By Joe Andrews, author of "The Complete Win At Spades"

Other columns by Joe Andrews:
   
Spades Discussion:

There are lots of �Top Ten� Lists and Spades has one too. There are two stages in a Spades game: Bidding and Play of the Hand. Defense is part of the play; Scoring is a function that occurs after the hand has been completed.

The Top Ten Spades Errors Made By Novice Players:
  1. Failure to evaluate a hand properly.
  2. Overbidding and underbidding.
  3. Bidding Nil with unsound values or borderline trump.
  4. Trumping in second-seat position.
  5. Taking tricks (at the wrong time) from partner.
  6. Poor technique when covering partner's Nil.
  7. Failure to play second hand low and third hand high.
  8. Knowing when to play for the set, and when to bag the opponents.
  9. Failure to lead Spades when it is absolutely necessary.
  10. Poor defense against opponents' Nils.
    Plus, Two Bonus Listings!
  11. Understanding standard opening leads.
  12. Score management and situational bidding.



Commentary:
In order to bid properly, you must be able to approximate the number of tricks you expect to win. I use the word "approximate" because there is no ironclad guarantee that you are going to win a side-suit (Heart, Diamond, or Club) trick. Mathematical probability applies to any holding. For example, if you hold the singleton Ace of a side suit, you should win that Ace. I say �should," because there are those rare instances (less than 1%) that your lone Ace will be trumped! However, losing your Ace in this instance, is not realistic. Thus, it can be counted as a winner. When you begin to add spot (small) cards to your Ace, the odds diminish. The more cards that you hold in a given side suit with the Ace, the greater the odds that an opponent will trump this suit. A doubleton Ace (for example, Ace-Deuce of a suit) is still a good bet. The Ace and two small spot cards may also be bid for one trick. However, three or more accompanying spot cards begins to stretch the limits. Then you have to consider the possibility of your partner holding the King or King-Queen combination in the same suit as your Ace. This is called Duplication. Now we come to Kings. A singleton King in a side suit is speculative. If your partner holds the Ace of that suit, your King may live, if partner does not play the Ace in front of it. Then again, one of the opponents holding that Ace may drop your stiff King like a rock! Of course, a King accompanied by the Ace in the same suit has full value, as long as the suit length is not excessive. If you hold a King and one or two spot cards, your King is worth one-half a trick. "What is that?� you say. Well, if partner has the Ace, your King should be good for a trick. Or if the Ace is in on your right, your King could be a winner. If the Ace is on the left, your King may be a goner! Lots of variables here! As for Queens in plain suits, they have greatly reduced value unless they are accompanied by the King, or the Ace, or in some instances, the Jack. (We will talk about finessing situations in a later column.)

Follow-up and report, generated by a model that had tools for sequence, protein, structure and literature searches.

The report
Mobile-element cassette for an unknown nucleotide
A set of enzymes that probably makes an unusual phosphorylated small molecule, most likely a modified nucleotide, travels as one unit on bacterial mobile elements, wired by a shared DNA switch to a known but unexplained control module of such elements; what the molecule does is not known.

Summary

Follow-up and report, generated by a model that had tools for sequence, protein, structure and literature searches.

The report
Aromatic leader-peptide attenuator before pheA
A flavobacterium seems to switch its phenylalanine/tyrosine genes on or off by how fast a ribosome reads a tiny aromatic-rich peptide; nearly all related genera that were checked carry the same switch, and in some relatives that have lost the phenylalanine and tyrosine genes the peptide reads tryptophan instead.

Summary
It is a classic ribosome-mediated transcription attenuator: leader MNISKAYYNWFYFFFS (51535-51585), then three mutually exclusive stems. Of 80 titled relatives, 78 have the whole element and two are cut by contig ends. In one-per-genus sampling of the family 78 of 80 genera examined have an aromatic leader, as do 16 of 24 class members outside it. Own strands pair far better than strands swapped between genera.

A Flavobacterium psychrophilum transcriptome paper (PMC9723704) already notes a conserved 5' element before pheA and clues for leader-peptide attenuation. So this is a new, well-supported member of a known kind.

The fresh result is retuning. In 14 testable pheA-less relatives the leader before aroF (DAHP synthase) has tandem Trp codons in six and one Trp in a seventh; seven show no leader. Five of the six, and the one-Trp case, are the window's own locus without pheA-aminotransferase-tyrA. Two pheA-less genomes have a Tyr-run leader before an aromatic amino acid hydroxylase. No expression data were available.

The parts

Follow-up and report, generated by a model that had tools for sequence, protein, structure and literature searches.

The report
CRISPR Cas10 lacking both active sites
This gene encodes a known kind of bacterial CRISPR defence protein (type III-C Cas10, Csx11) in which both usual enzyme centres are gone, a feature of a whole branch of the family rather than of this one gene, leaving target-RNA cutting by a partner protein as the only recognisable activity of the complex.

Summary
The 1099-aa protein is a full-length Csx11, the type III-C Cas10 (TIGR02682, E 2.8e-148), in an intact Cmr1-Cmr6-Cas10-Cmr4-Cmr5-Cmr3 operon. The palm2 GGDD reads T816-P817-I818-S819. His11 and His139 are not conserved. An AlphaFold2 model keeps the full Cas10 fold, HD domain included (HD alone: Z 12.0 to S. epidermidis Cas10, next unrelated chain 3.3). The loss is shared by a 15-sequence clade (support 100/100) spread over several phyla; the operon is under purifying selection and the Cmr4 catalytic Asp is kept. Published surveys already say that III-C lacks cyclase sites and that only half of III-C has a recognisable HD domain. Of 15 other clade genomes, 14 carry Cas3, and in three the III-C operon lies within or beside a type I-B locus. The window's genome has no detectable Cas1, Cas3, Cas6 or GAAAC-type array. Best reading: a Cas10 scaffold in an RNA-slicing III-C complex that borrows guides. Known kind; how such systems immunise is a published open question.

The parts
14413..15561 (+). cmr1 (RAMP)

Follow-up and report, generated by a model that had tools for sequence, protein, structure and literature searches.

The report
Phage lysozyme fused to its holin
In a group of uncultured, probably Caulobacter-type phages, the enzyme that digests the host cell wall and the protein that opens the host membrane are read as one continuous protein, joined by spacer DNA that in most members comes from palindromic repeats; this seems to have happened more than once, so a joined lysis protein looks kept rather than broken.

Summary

The Spade Suit: The trump suit is a separate animal. Spades are a commodity. You can never lose the Ace of Spades! And the other honor cards (King, Queen, Jack, and 10) have increased value as well. This is especially true when you hold two or more honor cards, and some length. Hands with more than four medium-high Spades are very powerful. A string (five or six) "baby" Spades can be a real nuisance for the opponents, and/or a great help for partner! Thus, when you evaluate trump tricks, you must consider the quality of the trump, the length of the trump, and the shape of your hand. Which brings us to our last part of this topic.

Shape or distribution: You are dealt 13 cards. If you have a balanced hand, that is, four of one suit and three of each of the other three suits, you will have little opportunity to ruff or trump anything. If you hold two or three worthless trump, you will probably win zero Spade tricks with a balanced hand. And if you are dealt a singleton small Spade or a void in the trump suit, your hand loses a lot of its trick-winning potential. Your long side suits with Aces and Kings might look good; however, they will be cut to ribbons if the opponents have the lion's share of the trump. A deadly motif is the "cross-ruff," in which each opponent is void in a side suit, and then score their trumps separately, as your team must follow suit. On the other hand (no pun intended), a void or singleton in a side suit, as well as some trump length, is a positive feature.

Summary:
Use good card sense when evaluating your hand. Aces are a plus in the side suits. Kings and Queens may be of some value. Spades are boss! Lots of trump, and/or big Spades increase the worth of hand. Finally, voids and singletons in the side suits combined with trump length can really inflate the trick-taking capacity of any hand. Accurate bidding is essential! An overbid will often lead to defeat, it is often best to underbid, especially if you are in third or fourth seat, and the table bid has exceeded nine tricks! Nil bidding has already been reviewed in previous articles. Suffice to say, the reward is not always worth the risk. Never take a winning trick from your partner unless you have good reason to do so. (Covering your partner�s Nil is one of those good reasons!) Many hands are all about tactics and strategy. There are times when going for the set of the opponent�s bid is clearly indicated. This nay be facilitated by leading trump or forcing out the top card of a given side suit. Discipline is often called for, and 2 nd hand low, third hand high is a good technique!

Carry On - Enjoy the game!
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